Frequently Asked Questions
Can you really help me?
Yes, we believe we can, with your commitment and participation in our therapeutic relationship. We believe true and lasting healing involves a change in thinking processes, which takes time, patience, and consistency. As Christian counselors, we also believe faith helps in the process. We're willing to work with you, however long it takes, to help you grow and heal in your personal life and relationships.
How much does counseling cost?
We typically charge $85 for a 45-minute in-person session at our office, and the initial consult/intake charge is $100. Ninety minute family or individual sessions are $150. Online counseling is $75 per session. We offer a free 15-minute initial phone consultation to all prospective clients to ensure that we are a good match for your counseling needs.
In an effort to serve our community, each of our therapists carries a pro bono client (free of charge), and we also offer a sliding scale to those clients who are in need financially. Please call us for more information.
Do you accept insurance?
We currently participate in the following insurance plans:
Please keep in mind that you may be responsible for deductibles and/or co-pays. We can also provide you with a "superbill" for filing with out-of-network insurances. Call your insurance provider for more information. Some helpful questions to ask them include:
What are my mental health benefits?
What is the coverage amount per therapy session?
How many therapy sessions does my plan cover?
How much does my insurance pay for an out-of-network provider?
Is approval required from my primary care physician?
How many times will I need counseling?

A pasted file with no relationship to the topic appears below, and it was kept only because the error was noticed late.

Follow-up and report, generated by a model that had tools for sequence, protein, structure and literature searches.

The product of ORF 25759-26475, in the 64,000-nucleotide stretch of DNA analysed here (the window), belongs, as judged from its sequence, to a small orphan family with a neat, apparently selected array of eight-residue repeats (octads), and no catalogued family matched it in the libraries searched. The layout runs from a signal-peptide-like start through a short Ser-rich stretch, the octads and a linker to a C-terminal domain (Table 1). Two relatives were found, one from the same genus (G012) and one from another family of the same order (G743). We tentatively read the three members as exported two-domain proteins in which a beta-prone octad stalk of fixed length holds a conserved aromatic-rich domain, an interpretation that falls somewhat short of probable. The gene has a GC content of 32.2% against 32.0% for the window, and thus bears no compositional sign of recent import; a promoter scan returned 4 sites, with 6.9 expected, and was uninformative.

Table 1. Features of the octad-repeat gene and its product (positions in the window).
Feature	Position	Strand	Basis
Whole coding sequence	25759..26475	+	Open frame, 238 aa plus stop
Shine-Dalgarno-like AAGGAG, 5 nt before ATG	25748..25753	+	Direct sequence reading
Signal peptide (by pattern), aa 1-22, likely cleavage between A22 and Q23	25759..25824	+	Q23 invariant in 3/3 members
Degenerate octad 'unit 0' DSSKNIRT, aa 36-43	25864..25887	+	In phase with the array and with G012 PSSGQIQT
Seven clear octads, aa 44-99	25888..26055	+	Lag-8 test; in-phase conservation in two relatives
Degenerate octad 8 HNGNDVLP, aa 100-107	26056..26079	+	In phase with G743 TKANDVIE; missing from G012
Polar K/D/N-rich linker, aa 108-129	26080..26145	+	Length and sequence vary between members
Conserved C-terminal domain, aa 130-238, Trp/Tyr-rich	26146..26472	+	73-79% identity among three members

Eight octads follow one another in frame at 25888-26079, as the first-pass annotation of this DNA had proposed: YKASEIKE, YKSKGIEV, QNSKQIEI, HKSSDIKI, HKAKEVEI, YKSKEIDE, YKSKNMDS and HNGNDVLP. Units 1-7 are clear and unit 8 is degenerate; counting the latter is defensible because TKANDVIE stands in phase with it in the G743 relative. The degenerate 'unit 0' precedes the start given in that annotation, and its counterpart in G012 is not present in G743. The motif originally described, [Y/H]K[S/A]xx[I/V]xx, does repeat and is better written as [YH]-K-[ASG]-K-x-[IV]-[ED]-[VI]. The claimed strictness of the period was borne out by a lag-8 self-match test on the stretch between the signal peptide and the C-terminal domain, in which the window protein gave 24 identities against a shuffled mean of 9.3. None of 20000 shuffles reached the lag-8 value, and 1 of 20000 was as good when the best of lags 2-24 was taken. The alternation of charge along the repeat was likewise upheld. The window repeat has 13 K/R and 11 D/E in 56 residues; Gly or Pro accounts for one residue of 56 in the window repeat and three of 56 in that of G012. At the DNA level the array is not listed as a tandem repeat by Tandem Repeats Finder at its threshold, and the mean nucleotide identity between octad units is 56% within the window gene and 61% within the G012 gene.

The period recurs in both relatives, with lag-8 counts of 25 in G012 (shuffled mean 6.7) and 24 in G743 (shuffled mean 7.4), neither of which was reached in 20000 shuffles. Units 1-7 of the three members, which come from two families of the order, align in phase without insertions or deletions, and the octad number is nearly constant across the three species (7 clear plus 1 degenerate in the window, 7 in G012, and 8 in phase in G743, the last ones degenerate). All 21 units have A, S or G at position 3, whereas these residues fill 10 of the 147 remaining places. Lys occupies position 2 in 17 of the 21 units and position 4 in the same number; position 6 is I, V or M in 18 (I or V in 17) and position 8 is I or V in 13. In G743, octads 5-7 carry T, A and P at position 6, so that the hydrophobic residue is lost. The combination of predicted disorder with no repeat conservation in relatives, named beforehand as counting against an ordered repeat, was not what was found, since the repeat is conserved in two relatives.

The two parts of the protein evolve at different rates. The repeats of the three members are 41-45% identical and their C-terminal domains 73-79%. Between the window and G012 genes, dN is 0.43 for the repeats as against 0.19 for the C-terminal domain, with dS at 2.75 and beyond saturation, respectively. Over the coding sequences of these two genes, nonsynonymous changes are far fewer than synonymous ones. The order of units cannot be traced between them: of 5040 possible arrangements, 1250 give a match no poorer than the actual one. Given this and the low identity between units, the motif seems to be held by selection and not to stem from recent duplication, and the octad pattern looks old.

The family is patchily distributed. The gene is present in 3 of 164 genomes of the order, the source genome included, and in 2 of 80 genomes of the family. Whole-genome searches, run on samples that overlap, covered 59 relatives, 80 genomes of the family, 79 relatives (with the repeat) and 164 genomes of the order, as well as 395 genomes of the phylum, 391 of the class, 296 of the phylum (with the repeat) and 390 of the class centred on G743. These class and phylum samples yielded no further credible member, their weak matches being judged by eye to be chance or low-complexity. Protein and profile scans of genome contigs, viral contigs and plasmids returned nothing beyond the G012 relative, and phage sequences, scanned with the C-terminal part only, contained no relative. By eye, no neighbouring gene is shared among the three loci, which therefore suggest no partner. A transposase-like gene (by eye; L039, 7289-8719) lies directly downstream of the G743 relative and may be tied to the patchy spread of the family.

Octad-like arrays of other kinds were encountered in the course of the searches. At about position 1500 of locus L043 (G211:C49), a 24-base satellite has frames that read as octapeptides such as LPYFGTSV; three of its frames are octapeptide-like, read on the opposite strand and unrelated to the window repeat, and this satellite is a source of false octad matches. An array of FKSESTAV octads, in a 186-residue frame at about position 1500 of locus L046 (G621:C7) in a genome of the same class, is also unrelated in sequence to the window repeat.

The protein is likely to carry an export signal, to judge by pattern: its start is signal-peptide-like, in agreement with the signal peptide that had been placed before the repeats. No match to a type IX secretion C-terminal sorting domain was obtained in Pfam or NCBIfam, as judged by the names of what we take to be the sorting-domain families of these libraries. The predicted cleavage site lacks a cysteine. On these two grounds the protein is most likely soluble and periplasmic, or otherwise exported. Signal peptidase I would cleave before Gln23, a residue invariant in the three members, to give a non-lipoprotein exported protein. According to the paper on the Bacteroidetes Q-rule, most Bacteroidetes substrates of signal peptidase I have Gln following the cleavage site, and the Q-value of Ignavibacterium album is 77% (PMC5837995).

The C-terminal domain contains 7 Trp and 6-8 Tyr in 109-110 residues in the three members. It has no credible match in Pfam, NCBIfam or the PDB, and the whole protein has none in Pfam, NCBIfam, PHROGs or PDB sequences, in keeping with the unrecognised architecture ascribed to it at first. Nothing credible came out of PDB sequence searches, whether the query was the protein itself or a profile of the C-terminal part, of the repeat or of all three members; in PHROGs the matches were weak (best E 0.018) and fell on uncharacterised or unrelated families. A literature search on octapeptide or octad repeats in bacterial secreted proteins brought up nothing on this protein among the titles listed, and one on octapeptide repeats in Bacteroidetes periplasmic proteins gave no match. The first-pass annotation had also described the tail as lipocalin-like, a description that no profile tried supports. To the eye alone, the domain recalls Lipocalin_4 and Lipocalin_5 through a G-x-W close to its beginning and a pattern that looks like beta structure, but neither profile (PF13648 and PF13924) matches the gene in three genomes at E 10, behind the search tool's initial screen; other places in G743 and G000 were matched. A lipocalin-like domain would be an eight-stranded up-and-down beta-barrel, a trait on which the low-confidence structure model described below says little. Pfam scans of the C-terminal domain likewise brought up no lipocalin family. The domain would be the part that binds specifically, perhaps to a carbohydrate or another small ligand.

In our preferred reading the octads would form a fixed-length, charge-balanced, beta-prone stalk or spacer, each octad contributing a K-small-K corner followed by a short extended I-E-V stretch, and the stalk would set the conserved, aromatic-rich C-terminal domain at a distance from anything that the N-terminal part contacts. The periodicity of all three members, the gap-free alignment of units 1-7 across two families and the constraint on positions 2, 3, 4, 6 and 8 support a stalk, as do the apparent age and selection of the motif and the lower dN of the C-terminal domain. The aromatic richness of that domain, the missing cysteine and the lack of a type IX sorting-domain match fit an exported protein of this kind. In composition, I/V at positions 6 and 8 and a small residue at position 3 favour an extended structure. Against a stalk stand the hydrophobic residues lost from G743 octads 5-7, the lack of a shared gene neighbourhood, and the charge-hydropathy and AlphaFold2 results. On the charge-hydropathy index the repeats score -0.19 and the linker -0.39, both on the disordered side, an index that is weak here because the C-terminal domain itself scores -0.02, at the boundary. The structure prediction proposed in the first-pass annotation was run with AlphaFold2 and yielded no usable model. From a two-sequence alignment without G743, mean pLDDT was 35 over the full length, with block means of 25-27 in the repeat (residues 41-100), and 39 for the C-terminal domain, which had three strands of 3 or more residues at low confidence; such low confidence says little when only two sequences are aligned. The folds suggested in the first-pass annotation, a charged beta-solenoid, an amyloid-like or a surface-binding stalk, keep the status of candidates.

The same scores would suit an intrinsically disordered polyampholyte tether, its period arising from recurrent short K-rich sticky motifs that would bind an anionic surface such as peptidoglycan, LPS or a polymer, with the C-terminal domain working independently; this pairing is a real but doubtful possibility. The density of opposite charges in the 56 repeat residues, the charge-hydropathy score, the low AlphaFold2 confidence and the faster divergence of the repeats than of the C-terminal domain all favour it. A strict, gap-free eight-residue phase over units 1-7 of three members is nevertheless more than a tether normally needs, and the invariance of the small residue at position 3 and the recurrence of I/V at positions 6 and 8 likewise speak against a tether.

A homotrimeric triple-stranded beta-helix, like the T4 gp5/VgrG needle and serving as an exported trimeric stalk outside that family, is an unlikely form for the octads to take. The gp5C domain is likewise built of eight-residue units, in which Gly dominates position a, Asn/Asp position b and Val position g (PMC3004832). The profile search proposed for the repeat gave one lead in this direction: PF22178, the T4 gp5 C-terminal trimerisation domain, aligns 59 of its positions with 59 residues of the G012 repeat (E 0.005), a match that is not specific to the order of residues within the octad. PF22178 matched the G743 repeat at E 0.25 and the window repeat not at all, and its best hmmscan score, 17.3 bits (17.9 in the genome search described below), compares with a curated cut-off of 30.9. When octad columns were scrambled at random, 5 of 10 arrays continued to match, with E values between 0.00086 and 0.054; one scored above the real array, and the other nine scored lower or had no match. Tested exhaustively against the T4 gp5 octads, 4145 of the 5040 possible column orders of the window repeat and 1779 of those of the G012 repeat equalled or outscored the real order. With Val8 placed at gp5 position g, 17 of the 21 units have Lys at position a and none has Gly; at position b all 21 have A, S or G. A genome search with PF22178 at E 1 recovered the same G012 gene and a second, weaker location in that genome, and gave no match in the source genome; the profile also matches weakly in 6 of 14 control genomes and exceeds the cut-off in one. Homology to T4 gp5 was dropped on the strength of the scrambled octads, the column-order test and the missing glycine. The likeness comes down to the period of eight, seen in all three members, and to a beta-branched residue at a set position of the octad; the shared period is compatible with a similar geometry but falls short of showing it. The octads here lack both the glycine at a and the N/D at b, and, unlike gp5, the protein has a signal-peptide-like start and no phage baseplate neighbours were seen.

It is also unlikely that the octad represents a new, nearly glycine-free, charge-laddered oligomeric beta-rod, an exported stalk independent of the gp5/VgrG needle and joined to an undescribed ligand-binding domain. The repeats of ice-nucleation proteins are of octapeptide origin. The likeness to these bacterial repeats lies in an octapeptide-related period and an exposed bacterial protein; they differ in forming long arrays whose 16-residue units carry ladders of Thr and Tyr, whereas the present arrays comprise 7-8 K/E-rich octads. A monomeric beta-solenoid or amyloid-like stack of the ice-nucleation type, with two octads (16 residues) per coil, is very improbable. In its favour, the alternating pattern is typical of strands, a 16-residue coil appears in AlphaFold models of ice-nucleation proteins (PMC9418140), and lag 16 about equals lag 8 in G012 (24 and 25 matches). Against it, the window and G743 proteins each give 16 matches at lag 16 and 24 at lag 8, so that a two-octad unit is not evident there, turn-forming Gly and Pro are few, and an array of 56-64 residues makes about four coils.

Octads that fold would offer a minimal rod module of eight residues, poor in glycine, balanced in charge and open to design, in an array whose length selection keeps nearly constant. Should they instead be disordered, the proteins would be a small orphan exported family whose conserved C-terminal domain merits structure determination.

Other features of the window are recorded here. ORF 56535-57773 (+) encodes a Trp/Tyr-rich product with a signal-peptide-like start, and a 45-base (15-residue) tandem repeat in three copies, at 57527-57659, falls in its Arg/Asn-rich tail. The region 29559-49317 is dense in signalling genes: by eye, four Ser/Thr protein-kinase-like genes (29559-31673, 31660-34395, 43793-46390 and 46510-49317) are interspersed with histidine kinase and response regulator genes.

For family therapy, we recommend a minimum of 8-12 sessions to properly address presenting issues. For individuals or couples, the decision is up to the client. Sometimes, just one session can help people think differently about their problem and bring about necessary change, while other issues may take longer to properly resolve.
What about my privacy?
The relationship between the client and counselor is protected by law, and we will not disclose anything we discuss in our sessions to anyone, at any time, without your written consent, or a court order.
For teens, confidentiality is a bit more complicated. Minors' rights to confidentiality is usually determined by what the counselor considers to be in the client's best interests. By law, your child has a right to confidentiality at 16 years of age, unless he or she is in imminent danger. In most cases where questionable confidential information has been disclosed by the teen, we will encourage him or her to discuss the information in the family session, or give permission for the counselor to share the information with the parents or guardians.
Other exceptions include:
Suspected child abuse or dependant adult or elder abuse, for which we are required by law to report this to the appropriate authorities immediately.
If a client is threatening serious bodily harm to another person, we must notify the police and inform the intended victim.
If a client intends to harm himself or herself, we will make every effort to enlist their cooperation in ensuring their safety. If they do not cooperate, we will take further measures without their permission that are provided to us by law in order to ensure their safety.